Parler Finds a Reprieve in Russia—but Not a Solution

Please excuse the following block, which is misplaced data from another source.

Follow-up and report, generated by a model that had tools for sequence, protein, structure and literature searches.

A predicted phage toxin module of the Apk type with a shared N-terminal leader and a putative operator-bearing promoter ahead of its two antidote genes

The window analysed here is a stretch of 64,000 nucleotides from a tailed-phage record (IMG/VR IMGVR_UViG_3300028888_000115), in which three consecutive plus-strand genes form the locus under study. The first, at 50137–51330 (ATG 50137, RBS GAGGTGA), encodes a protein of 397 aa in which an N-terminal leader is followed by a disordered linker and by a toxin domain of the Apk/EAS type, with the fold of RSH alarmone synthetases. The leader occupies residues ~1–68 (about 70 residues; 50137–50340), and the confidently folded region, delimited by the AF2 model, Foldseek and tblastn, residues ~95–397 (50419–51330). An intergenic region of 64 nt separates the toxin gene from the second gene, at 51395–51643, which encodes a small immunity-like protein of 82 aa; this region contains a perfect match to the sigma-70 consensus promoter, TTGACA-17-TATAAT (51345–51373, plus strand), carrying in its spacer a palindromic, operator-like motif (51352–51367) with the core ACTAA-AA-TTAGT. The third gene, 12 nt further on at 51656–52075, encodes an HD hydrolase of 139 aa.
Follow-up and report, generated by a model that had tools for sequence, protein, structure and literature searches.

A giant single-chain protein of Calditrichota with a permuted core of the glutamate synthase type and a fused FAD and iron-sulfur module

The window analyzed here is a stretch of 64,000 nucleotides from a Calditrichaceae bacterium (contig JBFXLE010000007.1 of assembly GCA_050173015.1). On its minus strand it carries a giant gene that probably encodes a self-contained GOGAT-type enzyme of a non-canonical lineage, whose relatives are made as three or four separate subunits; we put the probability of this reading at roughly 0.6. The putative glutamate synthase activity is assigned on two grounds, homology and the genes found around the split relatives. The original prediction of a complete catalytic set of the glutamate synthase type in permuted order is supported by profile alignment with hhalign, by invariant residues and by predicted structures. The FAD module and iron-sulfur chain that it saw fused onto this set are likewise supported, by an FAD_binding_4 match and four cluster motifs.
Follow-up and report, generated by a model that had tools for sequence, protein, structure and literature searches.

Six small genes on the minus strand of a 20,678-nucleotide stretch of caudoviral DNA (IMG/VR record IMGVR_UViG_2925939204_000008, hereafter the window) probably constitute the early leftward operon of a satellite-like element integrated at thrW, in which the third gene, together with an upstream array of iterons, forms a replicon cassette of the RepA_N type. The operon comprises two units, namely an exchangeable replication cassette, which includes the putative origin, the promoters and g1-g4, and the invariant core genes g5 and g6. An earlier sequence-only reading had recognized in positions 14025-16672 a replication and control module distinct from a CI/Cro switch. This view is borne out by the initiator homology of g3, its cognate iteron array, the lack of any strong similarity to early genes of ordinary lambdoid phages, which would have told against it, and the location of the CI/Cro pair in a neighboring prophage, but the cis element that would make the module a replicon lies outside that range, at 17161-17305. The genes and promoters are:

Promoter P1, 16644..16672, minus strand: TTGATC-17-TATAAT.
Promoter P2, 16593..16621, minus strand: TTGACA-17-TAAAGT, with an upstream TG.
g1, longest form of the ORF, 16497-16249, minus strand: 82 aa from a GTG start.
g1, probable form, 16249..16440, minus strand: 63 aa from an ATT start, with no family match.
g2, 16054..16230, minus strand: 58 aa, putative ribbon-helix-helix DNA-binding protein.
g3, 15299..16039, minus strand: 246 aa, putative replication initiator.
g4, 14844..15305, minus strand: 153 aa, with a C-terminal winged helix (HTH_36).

The far-right platform still hasn’t found a US-based home. Where it lands could have serious consequences for its users’ privacy. In the wake of the Capitol riots two weeks ago, a number of large tech companies pulled support for Parler, a Twitter-like social network that Donald Trump’s supporters have increasingly favored since its launch in 2018. Apple and Google removed the Parler app from their digital stores, and Amazon Web Services cut the platform’s hosting services. After more than a week offline, the site is now partially back up, in the form of a landing page that promises a full return. To get even this far, Parler has hired DDoS-Guard, a Russian digital infrastructure company, to defend it against the endless barrage of attacks that virtually all sites face online—particularly those as controversial as Parler. DDoS-Guard told WIRED it is only providing defense against denial-of-service attacks, not hosting Parler’s site. But even that level of support requires access to all the traffic that flows through Parler, so that it can “scrub” out malicious traffic aimed at overwhelming the site. Given the Russian government’s active efforts to isolate the country’s internet and gain access to all data, Parler could expose its users to Russian surveillance if the site someday does relaunch in full with DDoS-Guard.  “Now seems like the right time to remind you all—both lovers and haters—why we started this platform,” Parler’s homepage currently proclaims. “We believe privacy is paramount and free speech essential … We will resolve any challenge before us and plan to welcome all of you back soon.” Parler’s chief operating officer, Jeffrey Wernick, told The New York Times on Tuesday that the social network would prefer US-based providers and is working to find them. The platform registered its domain through  Seattle-based Epik. But while Parler has been shunned by the US tech industry’s biggest names, it purports to have more than 12 million users, making the platform too big for most small hosts. So its domestic options are sparse. By embracing DDoS-Guard, even as a stopgap, Parler joins a growing list of far-right sites like 8kun (formerly 8chan) and the Daily Stormer that US infrastructure companies have knocked offline, only to see companies in countries with limited internet freedom—like DDoS-Guard—enable their reemergence.  “At this time, Parler.com does not violate either our Acceptable Use Policy or the current US law to the best of our knowledge,” DDoS-Guard said in a statement to WIRED. “DDoS-Guard responsibly keeps customer data without disclosing it to third parties. Moreover, the provider stores only information required for the service and explicitly provided by the customers.” But Russia has passed laws that compel tech companies to comply with government requests, and it has deployed physical network infrastructure to monitor everything from web user IP addresses and communications to location data. Employing Russian infrastructure services could expose a site's users to the country's surveillance schemes, says Alp Toker, director of the nonpartisan connectivity tracking group NetBlocks. Most posts on Parler are meant to be public, but the platform also offered a direct messaging feature and numerous types of “verified” accounts, including red badges for anyone who uploads an image of their government identification card. All of this information, as well as granular user activity data and user IP addresses, would  potentially be exposed to the Kremlin if Parler returns with those same features while routing its data through Russian servers. Regardless of where Parler ultimately lands, it seems likely to find a home somewhere. The internet's decentralized design helps ensure connectivity, but it also makes it difficult to keep people or platforms from being silenced. Even repressive governments in countries like Iran and China have struggled with the logistics of fully controlling a regional internet.  “It seems an unsolvable dilemma,” Toker says. “If you’re a victim of violent speech, then there is nothing more reasonable than getting it taken down. But on the other hand, pulling down technical infrastructure to limit speech isn’t part of the great internet freedom vision everyone set out with.” Researchers emphasize that the potential privacy and security risks Parler users may face in the future echo discussions about where the line is for, say, an individual using a Chinese-owned platform like TikTok. But where TikTok's mainstream popularity has exploded in the US, shunned platforms like Parler that have sought alternative hosting and DDoS protections have largely been bastions of right-wing extremist content. As a result, driving Parler into the arms of Russian infrastructure companies poses particular risks, given the Kremlin's existing efforts to target the far right in the US and Europe with disinformation. Carte blanche access to additional data on these types of users would be particularly valuable to Russia. “It makes sense to demand that social media platforms have clearly stated rules and enforce them transparently with due process," says Evan Greer, deputy director of the digital rights group Fight for the Future. “But when you start pushing for moderation to occur at the infrastructure level, like demanding that Apple and Google ban apps from their app stores or CDNs make content-based decisions, it raises a lot of concerns.” Parler may not end up contracting with DDoS-Guard long term. But wherever the platform lands will have consequences—for Parler's own users, for geopolitics, and for other sites that may find themselves in similar situations in the future. More Great WIRED Stories 📩 Want the latest on tech, science, and more? Sign up for our newsletters! 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A Site Published Every Face From Parler's Capitol Riot Videos